alexa Supercritical Fluid Chromatography (SFC) Interfaced To Cold Electrospray MS (and Other Common Detectors), The Next, Go There First, Analytical Technique? ?and It?s Green Too?
ISSN: 2161-0401

Organic Chemistry: Current Research
Open Access

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International Summit on Past and Present Research Systems of Green Chemistry
August 25-27, 2014 Hilton Philadelphia Airport, USA

Mark J Hayward
Keynote: Organic Chem Curr Res
DOI: 10.4172/2161-0401.S1.001
Abstract
In our work in pharma, we use UV, ELSD, and/or MS detection for many tens of thousands of analyses per year, and frequently, all 3 of these detection approaches are used simultaneously with each chromatographic instrument. At the same time, we have great need to focus on the polar parts of the molecules to achieve sufficient separation Often reversed phase (RP) separations are insufficient when the polar part of the molecules is the focus. Normal phase (NP) LC can achieve sufficient separations, but tends to be slow, intolerant of high sample loading, and not readily interfaced to MS. In contrast, using CO2 as a solvent (SFC) is fast, green, facilitates much easier method development, and tolerates a greater range of sample load than NP-LC while generally delivering the same or better NP separation. While SFC has been long used with a variety of LC detectors, the performance of these detectors with SFC has generally been notably lower than commonly achieved with LC. This is particularly true for MS detection. Clearly, more progress is needed in adapting SFC to the more common LC detection approaches. This has led us to study the interfacing of each of these detectors to SFC individually and in combined set ups with split flows in order to achieve optimal separations (SFC) and detection (MS, ELSD, & UV) simultaneously. The outcome of the study for detector performance is that essentially identical detector performance can be achieved with SFC as is observed with RP-LC, even when using cold ESI-MS. These principles are explained and demonstrated for high sensitivity SFC bioanalysis using cold ESI-MS/MS detection as well as Open Access SFC/MS also incorporating UV and ELSD detection. Our findings are that SFC (w/ UV, ELSD, and/or MS) is not only applicable to polar and/or chiral compounds, but also a broad logP range of analytes where RP-LC is commonly used across many business needs. In this large middle range of compounds (>80% of analytes), SFC provides identical results to LC (except reverse elution order). Thus, it is feasible to shift LC analyses to SFC and achieve a green result: a 75% reduction in solvent waste. We have demonstrated this by shifting 1000s of RP-LC samples to SFC to meet timeline and capacity needs..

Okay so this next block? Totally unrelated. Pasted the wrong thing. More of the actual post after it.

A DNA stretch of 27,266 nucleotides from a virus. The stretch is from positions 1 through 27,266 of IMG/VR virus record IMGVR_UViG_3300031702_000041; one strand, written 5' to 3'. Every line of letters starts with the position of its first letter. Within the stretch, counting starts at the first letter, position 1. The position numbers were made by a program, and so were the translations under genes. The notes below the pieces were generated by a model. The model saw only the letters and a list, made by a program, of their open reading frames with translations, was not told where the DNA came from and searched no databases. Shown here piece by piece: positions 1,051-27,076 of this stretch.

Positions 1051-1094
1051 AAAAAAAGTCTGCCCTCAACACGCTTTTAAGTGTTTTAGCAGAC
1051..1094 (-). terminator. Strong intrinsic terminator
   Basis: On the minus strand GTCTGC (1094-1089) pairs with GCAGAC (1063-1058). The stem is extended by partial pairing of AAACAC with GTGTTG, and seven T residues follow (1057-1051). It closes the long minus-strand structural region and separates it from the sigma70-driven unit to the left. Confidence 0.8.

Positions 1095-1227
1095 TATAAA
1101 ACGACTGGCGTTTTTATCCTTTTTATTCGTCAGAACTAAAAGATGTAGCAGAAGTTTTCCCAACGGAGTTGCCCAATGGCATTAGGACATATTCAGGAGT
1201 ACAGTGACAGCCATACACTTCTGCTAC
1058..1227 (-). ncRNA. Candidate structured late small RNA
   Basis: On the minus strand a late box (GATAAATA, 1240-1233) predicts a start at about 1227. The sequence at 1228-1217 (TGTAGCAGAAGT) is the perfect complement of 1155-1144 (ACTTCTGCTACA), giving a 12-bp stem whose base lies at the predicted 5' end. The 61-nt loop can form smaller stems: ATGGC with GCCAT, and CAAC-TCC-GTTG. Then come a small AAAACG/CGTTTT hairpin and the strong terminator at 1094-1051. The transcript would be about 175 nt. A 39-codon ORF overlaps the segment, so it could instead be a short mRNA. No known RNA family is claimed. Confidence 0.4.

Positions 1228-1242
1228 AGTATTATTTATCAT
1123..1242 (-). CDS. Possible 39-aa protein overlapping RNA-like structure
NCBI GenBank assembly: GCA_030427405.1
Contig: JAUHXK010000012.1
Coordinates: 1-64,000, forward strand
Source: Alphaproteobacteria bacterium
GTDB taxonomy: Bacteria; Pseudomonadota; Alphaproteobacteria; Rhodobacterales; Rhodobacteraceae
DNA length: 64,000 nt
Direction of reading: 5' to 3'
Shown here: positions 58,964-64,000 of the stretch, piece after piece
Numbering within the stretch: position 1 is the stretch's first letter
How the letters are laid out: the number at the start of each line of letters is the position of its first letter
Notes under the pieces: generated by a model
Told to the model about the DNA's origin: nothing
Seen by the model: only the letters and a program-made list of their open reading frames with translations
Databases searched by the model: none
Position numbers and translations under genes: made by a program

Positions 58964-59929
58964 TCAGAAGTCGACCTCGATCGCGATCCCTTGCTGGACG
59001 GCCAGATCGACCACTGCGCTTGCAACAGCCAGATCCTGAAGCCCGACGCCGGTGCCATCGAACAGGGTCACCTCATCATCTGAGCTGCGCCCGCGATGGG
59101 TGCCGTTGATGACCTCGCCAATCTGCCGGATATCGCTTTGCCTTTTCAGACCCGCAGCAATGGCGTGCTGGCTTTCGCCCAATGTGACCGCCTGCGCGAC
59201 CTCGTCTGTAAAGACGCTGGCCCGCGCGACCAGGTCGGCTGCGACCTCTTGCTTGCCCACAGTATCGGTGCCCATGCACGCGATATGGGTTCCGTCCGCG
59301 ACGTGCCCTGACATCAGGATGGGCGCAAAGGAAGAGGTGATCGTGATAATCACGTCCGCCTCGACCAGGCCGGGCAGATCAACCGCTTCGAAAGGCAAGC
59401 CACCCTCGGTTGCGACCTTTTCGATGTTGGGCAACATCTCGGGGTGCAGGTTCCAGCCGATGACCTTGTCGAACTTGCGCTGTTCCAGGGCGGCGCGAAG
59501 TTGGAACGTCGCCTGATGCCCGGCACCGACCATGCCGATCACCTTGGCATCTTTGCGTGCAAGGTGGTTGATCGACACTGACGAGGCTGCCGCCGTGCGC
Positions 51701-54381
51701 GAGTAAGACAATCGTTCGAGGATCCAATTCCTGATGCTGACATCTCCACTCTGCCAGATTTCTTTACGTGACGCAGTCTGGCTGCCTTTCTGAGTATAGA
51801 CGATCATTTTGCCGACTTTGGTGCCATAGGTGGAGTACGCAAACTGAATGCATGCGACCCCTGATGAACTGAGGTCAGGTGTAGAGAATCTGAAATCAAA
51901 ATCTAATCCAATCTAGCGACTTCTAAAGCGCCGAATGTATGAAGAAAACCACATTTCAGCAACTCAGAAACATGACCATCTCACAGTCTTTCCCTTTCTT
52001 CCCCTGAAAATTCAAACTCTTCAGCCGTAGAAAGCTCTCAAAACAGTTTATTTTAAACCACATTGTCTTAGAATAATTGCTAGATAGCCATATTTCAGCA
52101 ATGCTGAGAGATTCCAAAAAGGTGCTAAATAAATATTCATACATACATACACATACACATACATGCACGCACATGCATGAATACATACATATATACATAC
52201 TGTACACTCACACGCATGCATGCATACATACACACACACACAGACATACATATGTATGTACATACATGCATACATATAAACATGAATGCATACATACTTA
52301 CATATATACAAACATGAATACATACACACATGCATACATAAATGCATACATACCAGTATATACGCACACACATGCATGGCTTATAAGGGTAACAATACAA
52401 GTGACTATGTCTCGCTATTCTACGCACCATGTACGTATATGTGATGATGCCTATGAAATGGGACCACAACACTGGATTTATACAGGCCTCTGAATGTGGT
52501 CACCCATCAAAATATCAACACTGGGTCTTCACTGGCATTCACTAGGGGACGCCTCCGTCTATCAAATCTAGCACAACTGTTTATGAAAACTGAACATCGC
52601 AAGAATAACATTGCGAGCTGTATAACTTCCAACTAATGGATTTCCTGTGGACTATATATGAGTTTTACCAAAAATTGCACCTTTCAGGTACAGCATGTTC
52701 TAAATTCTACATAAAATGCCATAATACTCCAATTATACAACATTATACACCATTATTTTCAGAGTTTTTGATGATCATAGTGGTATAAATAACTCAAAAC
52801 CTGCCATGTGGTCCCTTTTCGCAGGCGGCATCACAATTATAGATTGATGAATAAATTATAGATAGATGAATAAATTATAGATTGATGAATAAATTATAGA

Biography
Mark J. Hayward has done his BS Chemistry, Physics, Mathematics, and Computer Science-Univ of West Georgia Ph.D Analytical Chemistry and Chemical Engineering-Purdue Univ Classically trained chromatographer and mass spectrometrist, practicing for 3 decades Built and managed significant analytical and bioanalytical labs at Wyeth, Novartis, and Lundbeck Currently working as a consultant to build new labs and address some the most challenging technical problem in the chemical, consumer products, clinical diagnostic and pharma industries Well known for giving back to the scientific community through collaboration, teaching, and engagement in the interactive dissemination of best practices within scientific societies and at scientific conferences.
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